Earlier this year, I had a bottle of Uinta’s Cockeyed Cooper, a bourbon barrel aged barleywine that was fantastic. It’s part of Uinta’s Crooked Line, a series of heavy-duty beers that isn’t even legal to sell in a lot of the most common beer sellers in the brewery’s home state of Utah (i.e. this beer can’t be sold in grocery stores or establishments with a “beer only” license – those places are limited to beers less than 4% ABV (so… basically English milds and light beer?)) Stronger beers in Utah have to be sold at state controlled liquor stores or places with a “Full” liquor license. Or out of state, which I suspect is where most of these beers are sold. As someone who also suffers under some weird liquor laws, this sort of thing has always inspired solidarity in me, and so I’ll gladly plunk down some cash for these beers.
It helps that they’re really well crafted and have wonderful artwork (apparently from local Utah artists) on their labels as well. Labyrinth’s label is certainly eye-catching – it pops right off crowded shelves, even when it’s not front-and-center. And it’s mesmerizing to look at (though not quite one of those weird optical illusions, I was still half expecting to see a secret hidden message on the bottle if I got drunk enough* or stared at it the right way). It’s described as a Black Ale brewed with licorice sticks and aged in oak barrels. I assumed this meant an American Black Ale (or Black IPA or Cascadian Dark Ale or whatever you want to call the style), but it turns out that this is actually an imperial stout. The labeling for this beer seems to have a lot of suggestive power (more on this below the review)…
Uinta Labyrinth Black Ale – Pours a very thick, black color with a dark brown finger of head. Complex aromas of roasted and caramel malts, along with a heaping helping of bourbon, oak and vanilla and, of course, booze. Tastes starts out very sweet, maybe even some dark fruitiness peeking out, but the alcohol and roasiness come out with full force in the finish. The bourbon/oak/vanilla flavors are also there, adding a sense of richness and complexity to an already flavorful beer. Mouthfeel is surprisingly smooth, with just a little boozy sweet stickiness. It’s clear this is strong, but it’s also very easy to drink and it hides the extremes of alcohol very well. Exactly what I’d want out of a barrel aged imperial stout. A-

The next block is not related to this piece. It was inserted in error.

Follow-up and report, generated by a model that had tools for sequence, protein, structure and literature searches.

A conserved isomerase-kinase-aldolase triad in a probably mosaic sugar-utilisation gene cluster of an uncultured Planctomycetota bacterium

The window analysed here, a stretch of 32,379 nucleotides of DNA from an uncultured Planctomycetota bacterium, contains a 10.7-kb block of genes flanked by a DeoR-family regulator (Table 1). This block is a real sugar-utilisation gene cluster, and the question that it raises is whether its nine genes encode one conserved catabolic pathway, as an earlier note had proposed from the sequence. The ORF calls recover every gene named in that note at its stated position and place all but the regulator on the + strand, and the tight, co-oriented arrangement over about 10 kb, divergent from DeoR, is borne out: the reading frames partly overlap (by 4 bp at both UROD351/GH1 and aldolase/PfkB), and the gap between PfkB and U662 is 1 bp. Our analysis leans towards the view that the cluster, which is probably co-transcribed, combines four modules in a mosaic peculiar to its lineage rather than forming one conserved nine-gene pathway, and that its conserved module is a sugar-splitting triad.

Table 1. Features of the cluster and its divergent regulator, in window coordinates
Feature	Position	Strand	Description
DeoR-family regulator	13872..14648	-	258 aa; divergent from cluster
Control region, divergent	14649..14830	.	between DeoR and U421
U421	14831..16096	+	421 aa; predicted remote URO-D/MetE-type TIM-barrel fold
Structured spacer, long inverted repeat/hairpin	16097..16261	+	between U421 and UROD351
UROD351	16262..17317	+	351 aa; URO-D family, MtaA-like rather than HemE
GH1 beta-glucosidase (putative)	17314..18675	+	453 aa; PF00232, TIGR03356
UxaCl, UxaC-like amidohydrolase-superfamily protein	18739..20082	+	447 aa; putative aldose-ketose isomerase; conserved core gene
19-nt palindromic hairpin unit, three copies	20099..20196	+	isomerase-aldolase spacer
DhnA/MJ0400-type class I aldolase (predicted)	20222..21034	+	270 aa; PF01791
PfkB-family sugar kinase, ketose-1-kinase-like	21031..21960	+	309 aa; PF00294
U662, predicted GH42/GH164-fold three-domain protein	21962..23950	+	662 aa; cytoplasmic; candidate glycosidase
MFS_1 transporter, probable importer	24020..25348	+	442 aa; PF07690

Beer Nerd Details: 13.2% ABV bottled (750 ml caged and corked). Drank out of a tulip on 11/19/11. Bottled on 12/29/10.
I find it interesting that most of the descriptions of this beer do not mention the bourbon. The bottle itself just says “aged in oak barrels” and in the description, it says “toasted oak”, with no mention of bourbon. Apparently the barrels were previously used for bourbon and rye whiskey, but it doesn’t really say that anywhere. Including, I might add, most reviews on Beer Advocate and RateBeer. Of the first 70 reviews listed on BA, only 6 mention bourbon flavors, though to my palate it was clear as day (“rye” shows up only once)**. Licorice, which I couldn’t really pick out*** (though perhaps it added to the complexity), is mentioned in 6 of the first 10 reviews. What does this all mean? Could it be that all these reviewers are full of shit? Seriously, here’s one of the reviews:
…suggestive of brown sugar (which has an increasingly burnt quality as the flavors evolve), candied fennel seeds, and licorice root. Low bitterness, though the deep roast notes lend a somewhat acrid quality. Toasted dark rye, black pepper, with a touch of cinnamon/clove as well in the finish. The oak contributes an additional sensation of char which further balances the initial sweetness.
Um, yeah, sure. Candied fennel seeds? Yeah, my palate is that attuned too. In all seriousness, I shouldn’t talk – my palate isn’t the most refined in the world and I often drink in less than ideal conditions. But I do find it interesting how suggestive the labeling and marketing has been with this beer. I suspect that if it said it was aged in rye whiskey barrels on the bottle, half the reviews would call out rye as a distinct flavor element (perhaps even delving even deeper, describing “toasted Jewish marble rye” flavors or something else that is absurdly specific). Or maybe I’m just full of shit myself.
* And at 13.2% ABV, drunkenness was likely.
** I wasn’t as thorough with RateBeer, but spot-checked results seemed comparable. For that matter, I didn’t look at all the reviews on BA either. Sue me.
*** I’m certainly no expert on licorice though, so maybe it is obvious and I just wasn’t perceiving it.